Sometimes something which should be a non-news, non-story becomes a huge story solely because of the ridiculously over-the-top reaction which it generates, a phenomenon which seems to be magnified by the instant networked communication made possible by the internet.
Such is the case with a recent Playboy article by Guy Cimbalo which was basically a “hate fuck” list of conservative women with commentary on why he found them physically attractive despite finding their views intellectually abhorrent. The article was clearly written as satire and has some intentionally offensive descriptions of the women and acts he’d like to perform, but nothing one wouldn’t have expected to see in similar satirical articles in outlets like National Lampoon when I was in college.
Cimbalo’s remarkable achievement is that his weak attempt at biting sarcasm was rapidly transformed into something so toxic that not only was the article removed from the Playboy website, but other articles discussing it or even highly critical of it have been purged from the internet. One site which posted snapshots of the article seems to have been taken completely offline, and an AOL writer who covered it was fired by AOL.
The progress of events was that the Playboy website published Cimbalo’s article “So Wrong It’s Right” on the Monday. Almost immediately two normally antithetical groups — right wing moralists and left wing feminists — began twittering and blogging about it. Pretty soon, the internet was ringing with complaints that it objectified women, that it advocated rape, that it was grossly sexist, that it was politically biased (duh), and so on. But the second generation of bitching about it really passed over into the surreal, as feminists complained that fellow feminist Anne Schroeder Mullins of Politico was a thought criminal just for reprinting the names from Cimbalo’s list with none of the commentary. And then the reaction went beyond ridiculous when AOL’s Politics Daily fired Tommy Christopher for writing an article highly critical of Cimbalo’s work, and possibly also for his role in blowing up the whole situation on Twitter. By Thursday, sites which quoted or even referred to the article were being shut down and articles were being taken offline, though for the time being the content of the article is still cached on Google.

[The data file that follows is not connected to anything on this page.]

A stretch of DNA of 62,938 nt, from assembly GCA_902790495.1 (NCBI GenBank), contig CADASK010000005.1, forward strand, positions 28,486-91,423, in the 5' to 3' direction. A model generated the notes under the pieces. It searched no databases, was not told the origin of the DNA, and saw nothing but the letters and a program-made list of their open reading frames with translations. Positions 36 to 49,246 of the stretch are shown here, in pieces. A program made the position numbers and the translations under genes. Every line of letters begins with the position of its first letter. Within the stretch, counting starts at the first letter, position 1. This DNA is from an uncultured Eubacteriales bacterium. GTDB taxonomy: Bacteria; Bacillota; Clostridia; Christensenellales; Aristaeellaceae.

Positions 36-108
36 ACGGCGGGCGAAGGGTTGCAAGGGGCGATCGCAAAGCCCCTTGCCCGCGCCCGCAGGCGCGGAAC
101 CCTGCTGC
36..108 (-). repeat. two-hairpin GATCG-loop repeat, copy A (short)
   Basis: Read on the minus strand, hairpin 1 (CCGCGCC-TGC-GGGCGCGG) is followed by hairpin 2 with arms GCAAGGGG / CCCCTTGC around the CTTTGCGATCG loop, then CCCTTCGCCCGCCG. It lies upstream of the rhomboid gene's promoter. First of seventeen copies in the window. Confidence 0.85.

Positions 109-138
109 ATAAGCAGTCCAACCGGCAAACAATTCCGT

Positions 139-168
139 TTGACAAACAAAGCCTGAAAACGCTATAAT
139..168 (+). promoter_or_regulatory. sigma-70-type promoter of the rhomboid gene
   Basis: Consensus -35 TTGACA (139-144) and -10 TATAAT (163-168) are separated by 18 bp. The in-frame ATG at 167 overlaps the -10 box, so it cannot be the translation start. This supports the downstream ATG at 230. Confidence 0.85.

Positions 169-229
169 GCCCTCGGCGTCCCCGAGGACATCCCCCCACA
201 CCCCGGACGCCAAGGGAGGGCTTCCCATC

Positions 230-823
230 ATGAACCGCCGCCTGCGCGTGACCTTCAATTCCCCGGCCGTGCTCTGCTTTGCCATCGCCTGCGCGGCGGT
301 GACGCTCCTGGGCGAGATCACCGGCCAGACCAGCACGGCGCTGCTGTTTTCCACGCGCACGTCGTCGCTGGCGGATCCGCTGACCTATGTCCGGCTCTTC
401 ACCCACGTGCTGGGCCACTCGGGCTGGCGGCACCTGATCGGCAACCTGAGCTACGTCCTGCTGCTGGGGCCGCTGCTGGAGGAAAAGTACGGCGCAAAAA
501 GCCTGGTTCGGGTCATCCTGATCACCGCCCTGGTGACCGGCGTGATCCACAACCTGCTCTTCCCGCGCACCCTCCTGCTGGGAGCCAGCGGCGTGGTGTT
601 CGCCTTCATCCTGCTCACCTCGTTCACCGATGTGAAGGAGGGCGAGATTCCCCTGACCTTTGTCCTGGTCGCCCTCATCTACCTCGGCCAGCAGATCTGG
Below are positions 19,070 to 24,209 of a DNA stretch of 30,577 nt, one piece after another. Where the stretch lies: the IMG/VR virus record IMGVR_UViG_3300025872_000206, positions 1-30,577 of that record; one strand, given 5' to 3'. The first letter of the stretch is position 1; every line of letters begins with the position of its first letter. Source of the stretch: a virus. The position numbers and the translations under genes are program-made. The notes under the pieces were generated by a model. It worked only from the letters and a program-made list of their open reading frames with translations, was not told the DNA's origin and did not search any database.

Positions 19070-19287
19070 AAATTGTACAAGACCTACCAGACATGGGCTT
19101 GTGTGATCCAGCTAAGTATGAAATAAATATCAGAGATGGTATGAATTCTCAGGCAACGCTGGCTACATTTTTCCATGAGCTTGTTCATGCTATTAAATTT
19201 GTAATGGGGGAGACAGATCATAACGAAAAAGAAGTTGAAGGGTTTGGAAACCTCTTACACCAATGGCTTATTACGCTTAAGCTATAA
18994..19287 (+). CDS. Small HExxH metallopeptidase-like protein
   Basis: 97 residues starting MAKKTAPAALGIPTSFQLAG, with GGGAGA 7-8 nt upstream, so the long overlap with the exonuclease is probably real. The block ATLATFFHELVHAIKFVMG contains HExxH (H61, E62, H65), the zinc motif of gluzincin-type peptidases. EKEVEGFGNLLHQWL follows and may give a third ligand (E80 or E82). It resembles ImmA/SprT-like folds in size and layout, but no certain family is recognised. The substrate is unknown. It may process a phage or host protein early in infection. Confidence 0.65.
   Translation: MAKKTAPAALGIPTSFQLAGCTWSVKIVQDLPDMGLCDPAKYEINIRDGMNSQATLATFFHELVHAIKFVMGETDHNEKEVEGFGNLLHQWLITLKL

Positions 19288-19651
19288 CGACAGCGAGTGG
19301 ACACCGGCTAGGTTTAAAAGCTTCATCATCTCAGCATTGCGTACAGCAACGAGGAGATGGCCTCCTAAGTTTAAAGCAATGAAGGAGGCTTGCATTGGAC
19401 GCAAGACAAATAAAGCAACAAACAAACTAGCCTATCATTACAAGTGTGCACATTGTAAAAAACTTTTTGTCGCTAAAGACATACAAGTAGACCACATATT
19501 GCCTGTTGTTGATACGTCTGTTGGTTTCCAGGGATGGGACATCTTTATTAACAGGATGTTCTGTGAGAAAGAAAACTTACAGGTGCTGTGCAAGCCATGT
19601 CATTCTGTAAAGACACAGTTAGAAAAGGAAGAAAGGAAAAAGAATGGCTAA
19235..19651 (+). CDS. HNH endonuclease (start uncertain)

Cimbalo has achieved a sort of trifecta of online journalism. He offended liberals and conservatives, he wrote something you could get slagged on for supporting or criticizing, and he managed to create a discussion so provocative it became toxic and started tumbling web pages like dominoes. Even if he’s not particularly good at satire, Cimbalo proved that he was a master of creating controversy, though he certainly had a lot of help from self-righteous twitterheads and moralistic buffoons all over the net.
Ironically all of this attention — the heads exploding, the reputations trashed, the pink slips being handed out — came over an article which is juvenile and at best mildly funny, and no more offensive than myriad articles in Hustler, The Onion or National Lampoon which are given a pass because they are clearly satire. Whether it was well written satire or not, Cimbalo’s article was still obviously intended to be humorous, if perhaps only appealing to the not terribly intellectual audience that reads Playboy and whose idea of feminine beauty involves breast augmentation and airbrushing.
What Cimbalo may have proven is that the combination of satire, partisan politics and sexism in one article is just too much to handle for the humorless and self-important moralists who think people want to actually read their tweets about the sandwich they had for lunch and how offended they are to see a woman in a burkha on their bus. Cimbalo triggered a feeding frenzy and each new contribution to the online library of outrage built it to a higher level, until the outrage was the story, and any sense of perspective or proportion regarding his original article was lost.
In fact, I suspect that many of those expressing the greatest outrage over this incident have only read reports on the article without reading the actual article itself, and if they did read it, by the time they got to it their ire was so aroused and their objectivity so tainted that they could no longer see it for the pointless piece of drivel which it is.
Coming from the perspective of a former fratboy and lover of satire who once got his fraternity on “double secret probation” for writing a party poster which offended feminists, if Cimbalo committed any real sin, it was that his satire did not go far enough. For something this offensive to work as satire it should have actually been more outrageous than it was, because clearly there are a lot of people whose sense of humor is so atrophied that they need the satirical equivalent of being hit on the head with a brick to realize that something is supposed to be funny and temporarily suspend their self-righteousness. Cimbalo’s piece seemed a little too earnest and a little too much like a personal fantasy to work as believable satire.Powered by Sidelines